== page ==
Treatment of PEVAC or PEVAC-like lesions is challenging since they are very resistant to anti-VEGF treatment.[4],[5] Sacconi et al.[4] have also reported no difference in BCVA or central macular thickness between eyes of patients who had received anti-VEGF therapy and those who did not receive any treatment. They have even shown fluctuation in the intraretinal fluid, which may impact the assessment of true response to anti-VEGF treatment. Additionally, even spontaneous improvement of PEVAC lesions has been reported in the literature.[4] In the current report, the patient did not respond to three doses of ranibizumab injections. Laser photocoagulation is another treatment that has been tried with limited success.[5] Mrejen et al.[9] have shown resolution of exudates with laser photocoagulation, while Venkatesh et al.[5] have shown the progression of PEVAC despite laser treatment. Nonetheless, laser photocoagulation has its limitations since the PEVAC or PEVAC-like lesions are very close to the fovea and there is a risk of permanent visual scotomas. In our patient too, laser photocoagulation was not considered since the lesion was reasonably close to the fovea.

The exact pathogenesis of PEVAC or PEVAC-like lesions is still unclear. It has been hypothesized to be due to focal or progressive endothelial cell degeneration/injury, which accounts for non-responsiveness to anti-VEGF treatment.[1],[2] Along with endothelial cell injury, the associated reduction in pericyte cell protection due to basement membrane breakdown has also been proposed for the occurrence of PEVAC lesions.[10] While the inciting events for these pathological changes remain uncertain, potential low-grade inflammation could be one possibility. Corticosteroid agents help to maintain cellular tight junction integrity by stimulating tight junction protein expression and inhibiting oxidative stress–induced disruption of tight junction proteins.[11] Additionally, they also reduce vascular permeability and potentiate retinal fluid clearance by mediating onto the retinal channels that maintain retinal fluid movement, namely, the potassium and transcellular aquaporin-4 (AQP4) channels.[11]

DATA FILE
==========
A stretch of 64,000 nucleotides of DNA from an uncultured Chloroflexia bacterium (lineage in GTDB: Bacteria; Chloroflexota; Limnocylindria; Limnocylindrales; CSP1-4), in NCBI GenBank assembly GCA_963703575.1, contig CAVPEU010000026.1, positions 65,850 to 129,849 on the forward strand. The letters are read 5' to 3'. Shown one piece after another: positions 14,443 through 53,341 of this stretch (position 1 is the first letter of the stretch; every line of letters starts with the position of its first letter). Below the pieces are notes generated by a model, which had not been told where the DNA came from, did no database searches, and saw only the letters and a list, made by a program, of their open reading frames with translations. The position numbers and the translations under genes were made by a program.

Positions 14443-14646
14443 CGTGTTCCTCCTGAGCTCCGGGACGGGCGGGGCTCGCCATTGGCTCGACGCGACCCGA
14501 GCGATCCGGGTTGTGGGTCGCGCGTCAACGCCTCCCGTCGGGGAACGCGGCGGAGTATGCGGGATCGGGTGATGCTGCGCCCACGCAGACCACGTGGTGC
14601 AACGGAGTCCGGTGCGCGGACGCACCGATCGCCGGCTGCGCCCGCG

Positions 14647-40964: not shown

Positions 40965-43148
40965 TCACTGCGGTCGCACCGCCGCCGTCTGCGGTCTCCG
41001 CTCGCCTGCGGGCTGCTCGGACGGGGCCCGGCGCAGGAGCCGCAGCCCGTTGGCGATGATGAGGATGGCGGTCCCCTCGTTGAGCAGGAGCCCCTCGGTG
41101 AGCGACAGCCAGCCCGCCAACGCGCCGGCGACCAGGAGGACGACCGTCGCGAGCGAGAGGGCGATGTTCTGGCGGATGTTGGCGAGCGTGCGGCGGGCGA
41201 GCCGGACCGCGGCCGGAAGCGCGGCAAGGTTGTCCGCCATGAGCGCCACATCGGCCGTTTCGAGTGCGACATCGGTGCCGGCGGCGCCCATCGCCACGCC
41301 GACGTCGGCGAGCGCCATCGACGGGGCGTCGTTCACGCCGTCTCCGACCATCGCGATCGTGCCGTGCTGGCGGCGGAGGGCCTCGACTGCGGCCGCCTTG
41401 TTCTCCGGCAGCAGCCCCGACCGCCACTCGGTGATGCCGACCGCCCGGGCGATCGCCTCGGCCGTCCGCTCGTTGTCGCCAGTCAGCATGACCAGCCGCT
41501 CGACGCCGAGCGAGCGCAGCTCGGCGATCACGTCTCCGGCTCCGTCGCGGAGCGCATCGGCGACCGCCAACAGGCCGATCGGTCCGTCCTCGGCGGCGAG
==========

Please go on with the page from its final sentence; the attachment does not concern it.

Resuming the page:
The exact mechanism for Ozurdex response in PEVAC-like lesions remains unclear, but possible anti-permeability, anti-inflammatory, and anti-angiogenic mechanisms can be proposed. The potential role of inflammatory markers in PEVAC-like lesions needs to be explored further by evaluating the serum and vitreous samples of these patients. We envisage normal serum levels since the patient is usually otherwise healthy systemically. However, since PEVAC-like lesions are isolated aneurysms, elevated levels of local ocular inflammatory mediators could be present.


  Conclusion Top